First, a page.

In this process I’ve been working on 21 paintings over the past two months, I narrowed it down and set ten of them aside to focus on completing new pieces for an upcoming exhibition here at Motor House
This piece is typical of this series in that it consists of about seven or eight layers of paint on wood panel, I’ve worked in square format geometric abstractions for 18 years so I always enjoy pushing the boundaries in terms of color, composition and contrast as well as subtle painterly surface texture
Compositionally this piece kind of throws down the gauntlet, pushing the eye down to the lower right corner even as there are a few points of escape to keep our point of view circulating into the “background” and revolving through echoes and passages of dark shadows, a powerful tension of attachment and loss.
I’ve returned to Motor House, which used to be LOAD OF FUN, I had a studio there for four years (2005 – ’09) and this new space is smaller but the building has been renovated and I’m happy to be back.
I’m picking up where I left off, with a couple of projects in progress … I cut up the paper stencils remaining from the Joe Squared mural project, and have been using them to create some anachronistic geometric studies, right away there are some exciting images emerging and this will lead to more finely-tuned pieces at some point …
then these are some beautiful spray-paint on paper pieces I did back in May and kept on the shelf, quite a few of these have made their way into the Aquasphere series, getting cut and collaged and sculpted into fish and coral reefs, we’ll see where these go next …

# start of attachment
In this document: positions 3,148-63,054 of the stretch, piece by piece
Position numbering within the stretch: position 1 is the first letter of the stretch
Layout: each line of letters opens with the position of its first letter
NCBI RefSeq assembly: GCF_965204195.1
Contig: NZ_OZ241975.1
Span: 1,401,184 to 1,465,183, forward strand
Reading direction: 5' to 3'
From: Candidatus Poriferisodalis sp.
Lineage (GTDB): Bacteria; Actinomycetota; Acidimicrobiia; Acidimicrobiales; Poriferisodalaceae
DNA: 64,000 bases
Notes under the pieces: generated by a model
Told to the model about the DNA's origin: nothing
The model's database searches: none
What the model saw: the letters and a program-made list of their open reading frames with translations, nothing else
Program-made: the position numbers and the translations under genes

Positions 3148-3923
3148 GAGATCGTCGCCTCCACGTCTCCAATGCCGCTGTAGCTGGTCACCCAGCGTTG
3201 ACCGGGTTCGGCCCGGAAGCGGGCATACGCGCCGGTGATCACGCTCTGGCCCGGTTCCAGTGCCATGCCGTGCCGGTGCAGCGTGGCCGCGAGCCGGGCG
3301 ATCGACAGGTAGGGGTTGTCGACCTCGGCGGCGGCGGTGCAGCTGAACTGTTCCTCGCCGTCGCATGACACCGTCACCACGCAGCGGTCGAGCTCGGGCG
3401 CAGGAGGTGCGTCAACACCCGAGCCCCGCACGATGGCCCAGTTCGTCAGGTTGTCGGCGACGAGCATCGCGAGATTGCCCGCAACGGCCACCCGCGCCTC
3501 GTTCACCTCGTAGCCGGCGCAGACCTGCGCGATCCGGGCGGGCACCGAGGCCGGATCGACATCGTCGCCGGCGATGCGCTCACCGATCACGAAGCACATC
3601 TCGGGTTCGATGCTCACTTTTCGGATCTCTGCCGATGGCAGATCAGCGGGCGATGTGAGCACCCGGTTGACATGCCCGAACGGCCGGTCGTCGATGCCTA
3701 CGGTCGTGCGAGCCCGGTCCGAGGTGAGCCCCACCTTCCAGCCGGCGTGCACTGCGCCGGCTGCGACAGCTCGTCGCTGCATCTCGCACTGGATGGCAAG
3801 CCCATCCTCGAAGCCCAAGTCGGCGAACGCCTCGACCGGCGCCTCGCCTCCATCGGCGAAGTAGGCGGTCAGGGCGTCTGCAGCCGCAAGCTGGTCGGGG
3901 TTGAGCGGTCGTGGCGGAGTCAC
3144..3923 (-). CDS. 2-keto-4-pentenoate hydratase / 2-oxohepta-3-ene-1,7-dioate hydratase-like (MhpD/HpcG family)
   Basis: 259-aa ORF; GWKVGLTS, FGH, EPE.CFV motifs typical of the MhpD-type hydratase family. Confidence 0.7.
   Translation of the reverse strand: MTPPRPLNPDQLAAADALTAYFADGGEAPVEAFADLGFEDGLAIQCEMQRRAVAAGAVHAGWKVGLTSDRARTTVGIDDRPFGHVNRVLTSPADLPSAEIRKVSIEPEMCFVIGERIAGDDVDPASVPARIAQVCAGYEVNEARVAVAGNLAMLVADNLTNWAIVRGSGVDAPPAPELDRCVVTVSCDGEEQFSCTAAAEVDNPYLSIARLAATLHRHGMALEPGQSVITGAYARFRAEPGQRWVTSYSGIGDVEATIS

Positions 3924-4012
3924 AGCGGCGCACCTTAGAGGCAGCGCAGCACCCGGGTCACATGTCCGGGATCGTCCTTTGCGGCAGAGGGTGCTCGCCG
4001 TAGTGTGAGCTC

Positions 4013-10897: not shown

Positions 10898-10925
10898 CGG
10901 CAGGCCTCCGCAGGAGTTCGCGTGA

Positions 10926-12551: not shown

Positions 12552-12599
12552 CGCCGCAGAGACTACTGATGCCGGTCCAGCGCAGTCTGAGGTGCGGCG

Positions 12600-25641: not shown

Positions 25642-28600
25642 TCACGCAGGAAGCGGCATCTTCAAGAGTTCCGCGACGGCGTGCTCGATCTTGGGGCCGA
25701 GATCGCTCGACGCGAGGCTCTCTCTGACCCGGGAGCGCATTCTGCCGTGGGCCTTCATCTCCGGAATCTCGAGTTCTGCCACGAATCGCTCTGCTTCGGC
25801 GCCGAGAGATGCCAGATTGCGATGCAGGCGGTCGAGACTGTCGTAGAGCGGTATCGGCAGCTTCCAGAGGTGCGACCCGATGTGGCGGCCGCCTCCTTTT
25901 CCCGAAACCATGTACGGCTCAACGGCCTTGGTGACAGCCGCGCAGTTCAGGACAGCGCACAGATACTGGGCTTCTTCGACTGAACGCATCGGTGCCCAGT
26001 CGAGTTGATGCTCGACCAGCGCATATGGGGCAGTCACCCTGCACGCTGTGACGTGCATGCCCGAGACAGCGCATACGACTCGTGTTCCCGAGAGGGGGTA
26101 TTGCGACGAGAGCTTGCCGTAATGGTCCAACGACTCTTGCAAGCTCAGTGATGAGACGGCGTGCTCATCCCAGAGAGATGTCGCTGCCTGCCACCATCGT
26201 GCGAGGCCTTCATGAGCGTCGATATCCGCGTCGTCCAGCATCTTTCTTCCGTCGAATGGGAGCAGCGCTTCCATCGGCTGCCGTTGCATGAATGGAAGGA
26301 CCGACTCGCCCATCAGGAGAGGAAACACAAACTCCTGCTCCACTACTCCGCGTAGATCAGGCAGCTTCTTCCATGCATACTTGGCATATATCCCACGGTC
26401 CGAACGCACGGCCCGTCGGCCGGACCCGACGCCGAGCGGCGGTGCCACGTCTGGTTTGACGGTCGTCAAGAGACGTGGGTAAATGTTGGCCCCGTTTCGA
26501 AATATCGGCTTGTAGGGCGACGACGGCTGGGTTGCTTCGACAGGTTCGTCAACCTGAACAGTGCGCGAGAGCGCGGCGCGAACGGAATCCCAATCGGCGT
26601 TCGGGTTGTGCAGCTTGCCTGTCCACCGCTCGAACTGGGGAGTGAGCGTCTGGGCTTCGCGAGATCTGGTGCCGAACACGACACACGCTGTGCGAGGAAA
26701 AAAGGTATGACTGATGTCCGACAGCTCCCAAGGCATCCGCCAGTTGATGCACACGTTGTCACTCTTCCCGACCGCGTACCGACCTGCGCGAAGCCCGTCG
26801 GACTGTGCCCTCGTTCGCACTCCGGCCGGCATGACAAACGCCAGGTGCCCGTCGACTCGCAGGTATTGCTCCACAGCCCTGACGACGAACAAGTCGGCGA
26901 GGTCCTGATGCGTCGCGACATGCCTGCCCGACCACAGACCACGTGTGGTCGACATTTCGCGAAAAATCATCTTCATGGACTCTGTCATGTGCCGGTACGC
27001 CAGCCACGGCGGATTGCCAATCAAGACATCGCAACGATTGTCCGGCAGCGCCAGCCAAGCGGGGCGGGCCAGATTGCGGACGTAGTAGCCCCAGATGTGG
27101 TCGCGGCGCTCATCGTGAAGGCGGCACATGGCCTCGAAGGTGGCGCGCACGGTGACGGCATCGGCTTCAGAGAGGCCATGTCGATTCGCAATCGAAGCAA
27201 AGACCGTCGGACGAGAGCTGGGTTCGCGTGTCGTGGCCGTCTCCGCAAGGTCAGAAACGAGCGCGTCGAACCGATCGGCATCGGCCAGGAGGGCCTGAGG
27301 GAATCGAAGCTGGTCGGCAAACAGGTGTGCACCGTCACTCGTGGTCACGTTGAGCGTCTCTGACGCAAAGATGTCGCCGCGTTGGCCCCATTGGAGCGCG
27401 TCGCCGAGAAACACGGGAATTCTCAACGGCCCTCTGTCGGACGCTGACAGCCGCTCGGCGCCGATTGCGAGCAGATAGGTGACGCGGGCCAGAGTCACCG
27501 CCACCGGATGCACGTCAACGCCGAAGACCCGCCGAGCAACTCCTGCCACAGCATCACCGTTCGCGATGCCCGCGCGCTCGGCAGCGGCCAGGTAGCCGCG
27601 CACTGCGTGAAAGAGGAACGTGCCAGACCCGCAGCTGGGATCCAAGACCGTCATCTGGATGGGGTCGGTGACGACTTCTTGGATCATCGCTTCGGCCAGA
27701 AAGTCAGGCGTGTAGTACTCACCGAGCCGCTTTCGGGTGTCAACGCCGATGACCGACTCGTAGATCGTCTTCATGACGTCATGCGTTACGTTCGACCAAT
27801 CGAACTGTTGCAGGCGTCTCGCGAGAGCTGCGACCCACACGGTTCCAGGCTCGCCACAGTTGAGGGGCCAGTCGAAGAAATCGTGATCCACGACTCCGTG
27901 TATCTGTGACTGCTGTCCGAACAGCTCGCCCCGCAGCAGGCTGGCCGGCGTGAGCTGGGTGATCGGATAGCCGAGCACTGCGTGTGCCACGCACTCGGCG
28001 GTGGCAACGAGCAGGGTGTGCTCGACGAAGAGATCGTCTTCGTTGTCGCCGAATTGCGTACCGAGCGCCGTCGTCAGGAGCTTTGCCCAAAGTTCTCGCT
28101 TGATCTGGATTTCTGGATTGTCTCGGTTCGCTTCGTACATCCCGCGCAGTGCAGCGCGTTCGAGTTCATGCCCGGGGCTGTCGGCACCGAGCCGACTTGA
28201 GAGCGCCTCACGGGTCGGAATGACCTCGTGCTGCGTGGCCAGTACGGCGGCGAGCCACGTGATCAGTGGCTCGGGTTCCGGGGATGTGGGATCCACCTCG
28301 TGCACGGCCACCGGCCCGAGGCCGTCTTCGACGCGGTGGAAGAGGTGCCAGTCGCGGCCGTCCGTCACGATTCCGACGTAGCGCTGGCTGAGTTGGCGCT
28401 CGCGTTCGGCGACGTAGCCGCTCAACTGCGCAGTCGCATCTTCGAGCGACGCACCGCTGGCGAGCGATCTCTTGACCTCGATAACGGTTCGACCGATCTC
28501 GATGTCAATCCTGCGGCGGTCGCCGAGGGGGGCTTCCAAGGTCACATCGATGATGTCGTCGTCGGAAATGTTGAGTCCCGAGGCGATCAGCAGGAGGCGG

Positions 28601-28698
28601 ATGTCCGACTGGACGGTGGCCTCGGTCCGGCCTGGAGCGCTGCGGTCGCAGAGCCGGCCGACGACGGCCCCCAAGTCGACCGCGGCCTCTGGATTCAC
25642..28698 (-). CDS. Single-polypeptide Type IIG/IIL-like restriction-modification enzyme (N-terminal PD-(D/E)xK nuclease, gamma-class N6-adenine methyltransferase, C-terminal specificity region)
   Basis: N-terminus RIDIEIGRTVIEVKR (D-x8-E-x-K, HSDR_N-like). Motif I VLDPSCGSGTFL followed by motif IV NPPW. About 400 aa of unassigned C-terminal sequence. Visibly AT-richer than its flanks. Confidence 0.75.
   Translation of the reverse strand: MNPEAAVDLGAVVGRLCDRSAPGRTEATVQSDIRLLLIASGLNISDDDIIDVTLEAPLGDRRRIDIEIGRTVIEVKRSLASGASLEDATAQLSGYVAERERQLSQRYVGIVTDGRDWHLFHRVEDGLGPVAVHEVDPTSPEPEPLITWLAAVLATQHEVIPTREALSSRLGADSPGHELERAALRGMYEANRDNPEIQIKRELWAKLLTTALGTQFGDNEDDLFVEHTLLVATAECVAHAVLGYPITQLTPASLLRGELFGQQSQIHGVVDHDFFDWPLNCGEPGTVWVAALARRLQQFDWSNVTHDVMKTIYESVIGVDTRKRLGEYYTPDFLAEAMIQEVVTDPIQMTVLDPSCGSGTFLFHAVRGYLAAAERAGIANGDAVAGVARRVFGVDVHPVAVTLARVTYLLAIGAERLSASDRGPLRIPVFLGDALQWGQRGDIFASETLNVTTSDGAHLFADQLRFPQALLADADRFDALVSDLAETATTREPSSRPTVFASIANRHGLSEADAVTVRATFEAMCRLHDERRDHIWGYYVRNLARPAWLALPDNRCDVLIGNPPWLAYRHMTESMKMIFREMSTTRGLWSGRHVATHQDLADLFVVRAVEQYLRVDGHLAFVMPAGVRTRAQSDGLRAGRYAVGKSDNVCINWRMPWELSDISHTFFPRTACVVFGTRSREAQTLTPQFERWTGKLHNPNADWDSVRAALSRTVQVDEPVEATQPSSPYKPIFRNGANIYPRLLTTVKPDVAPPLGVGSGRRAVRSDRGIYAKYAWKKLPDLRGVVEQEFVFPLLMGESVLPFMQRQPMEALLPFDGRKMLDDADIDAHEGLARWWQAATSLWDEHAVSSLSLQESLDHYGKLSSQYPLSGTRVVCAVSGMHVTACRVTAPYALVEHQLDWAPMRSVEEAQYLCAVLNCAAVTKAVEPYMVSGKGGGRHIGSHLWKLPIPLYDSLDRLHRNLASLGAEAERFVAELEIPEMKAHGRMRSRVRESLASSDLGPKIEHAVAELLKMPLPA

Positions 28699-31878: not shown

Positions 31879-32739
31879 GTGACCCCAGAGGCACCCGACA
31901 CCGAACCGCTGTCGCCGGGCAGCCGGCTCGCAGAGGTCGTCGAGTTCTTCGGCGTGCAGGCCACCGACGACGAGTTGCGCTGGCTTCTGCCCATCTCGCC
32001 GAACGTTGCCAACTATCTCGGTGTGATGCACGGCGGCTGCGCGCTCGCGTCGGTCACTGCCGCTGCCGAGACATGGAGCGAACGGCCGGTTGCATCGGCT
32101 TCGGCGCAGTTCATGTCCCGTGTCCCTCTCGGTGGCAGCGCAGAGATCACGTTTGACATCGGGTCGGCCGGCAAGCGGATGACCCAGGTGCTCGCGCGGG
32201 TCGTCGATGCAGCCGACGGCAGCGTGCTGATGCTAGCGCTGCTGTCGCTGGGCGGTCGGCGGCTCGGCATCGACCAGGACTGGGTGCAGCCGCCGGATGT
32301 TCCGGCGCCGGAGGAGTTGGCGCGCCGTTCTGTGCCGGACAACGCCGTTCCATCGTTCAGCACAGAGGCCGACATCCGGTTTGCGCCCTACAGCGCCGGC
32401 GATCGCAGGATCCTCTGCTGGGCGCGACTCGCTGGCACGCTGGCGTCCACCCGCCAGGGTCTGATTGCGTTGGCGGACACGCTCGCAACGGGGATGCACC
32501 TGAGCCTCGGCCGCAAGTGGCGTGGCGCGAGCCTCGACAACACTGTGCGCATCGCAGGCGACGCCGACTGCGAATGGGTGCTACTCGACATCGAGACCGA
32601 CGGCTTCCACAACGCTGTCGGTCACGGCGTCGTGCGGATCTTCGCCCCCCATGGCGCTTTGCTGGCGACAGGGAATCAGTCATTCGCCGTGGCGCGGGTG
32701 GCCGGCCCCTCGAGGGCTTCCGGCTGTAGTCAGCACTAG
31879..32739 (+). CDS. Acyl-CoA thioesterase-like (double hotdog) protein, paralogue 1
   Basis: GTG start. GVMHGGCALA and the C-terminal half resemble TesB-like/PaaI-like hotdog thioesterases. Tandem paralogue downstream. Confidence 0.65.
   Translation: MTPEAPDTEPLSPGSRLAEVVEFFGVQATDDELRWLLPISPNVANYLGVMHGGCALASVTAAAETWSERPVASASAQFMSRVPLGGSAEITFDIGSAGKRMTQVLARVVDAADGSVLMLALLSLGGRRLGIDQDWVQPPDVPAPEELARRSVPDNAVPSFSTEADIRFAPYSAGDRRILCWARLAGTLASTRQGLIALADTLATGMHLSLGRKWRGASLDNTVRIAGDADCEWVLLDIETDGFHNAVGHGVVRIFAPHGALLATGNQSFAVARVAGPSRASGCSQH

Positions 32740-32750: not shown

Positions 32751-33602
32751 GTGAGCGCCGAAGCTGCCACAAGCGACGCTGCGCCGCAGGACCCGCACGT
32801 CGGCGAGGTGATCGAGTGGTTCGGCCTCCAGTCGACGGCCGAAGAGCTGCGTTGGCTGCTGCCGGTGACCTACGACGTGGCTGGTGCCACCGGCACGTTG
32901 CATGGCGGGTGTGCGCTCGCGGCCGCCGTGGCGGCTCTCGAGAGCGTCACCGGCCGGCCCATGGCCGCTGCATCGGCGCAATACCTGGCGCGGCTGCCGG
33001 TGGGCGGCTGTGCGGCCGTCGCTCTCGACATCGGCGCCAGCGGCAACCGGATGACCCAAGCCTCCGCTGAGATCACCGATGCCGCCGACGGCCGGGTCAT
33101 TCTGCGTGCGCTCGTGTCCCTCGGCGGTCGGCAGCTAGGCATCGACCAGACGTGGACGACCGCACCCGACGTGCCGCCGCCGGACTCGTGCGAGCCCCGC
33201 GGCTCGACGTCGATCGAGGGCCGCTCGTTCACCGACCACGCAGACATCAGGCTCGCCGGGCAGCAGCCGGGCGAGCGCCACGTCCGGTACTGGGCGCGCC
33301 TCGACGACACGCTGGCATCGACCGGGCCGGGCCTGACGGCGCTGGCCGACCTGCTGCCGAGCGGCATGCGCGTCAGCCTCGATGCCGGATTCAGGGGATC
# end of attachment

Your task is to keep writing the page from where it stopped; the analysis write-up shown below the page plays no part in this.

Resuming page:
This 28-inch square is in a way the culmination of my early geometric abstractions, numbering more than 350 paintings in a related style, because I began by working after Mondrian, and this is certainly an effusive homage to his best-known works.
Remarkable for the span of twenty years I took to bring this into focus, and also for the kaleidoscopic deconstruction and reconstruction of the form into numerous small compositions interspersed with ghostly grayscale vignettes.
Many of the adjacent squares are divided by super-fine half-millimeter paint lines resulting from the exceedingly careful application and removal of painter’s tape, a basic compositional tool that was newly available when Mondrian began to make use of it in creating his distinctive works, which have since become ubiquitous designs in everything from wallpaper to shower curtains to the facades of art supply stores.
His originals are mainstays of many museum collections of Modern art, and along with Kandinsky, Severini and a handful of others, Mondrian’s influential works not only form the foundation of 20th-century geometric abstraction, but also, along with the later works of Rauschenberg and Vasarely, provide an early premonition of the internet age through a pixelated grid of insight into the telepathic prosthesis of technology that was to come.
What is also kind of funny is that I raced through this 39th piece in the Urban Legends series without even recognizing it at the time for what it was, a pivotal moment in a twenty-year odyssey, and then continued the series a couple of years ago for another twenty-five pieces before taking a hiatus; so ultimately it was about that quest but the foundational pursuit was such a profoundly fertile source of inspiration and energy that it continued to generate new explorations long past the point of achieving this particular milestone.
This 24-inch square is a cinematic and decorative object as well as a textured color field, the bronze layer provides a warm and mystical counterpoint to the miniature surrealistic quadrangles arrayed in between; perhaps an homage to Frank Stella’s early work.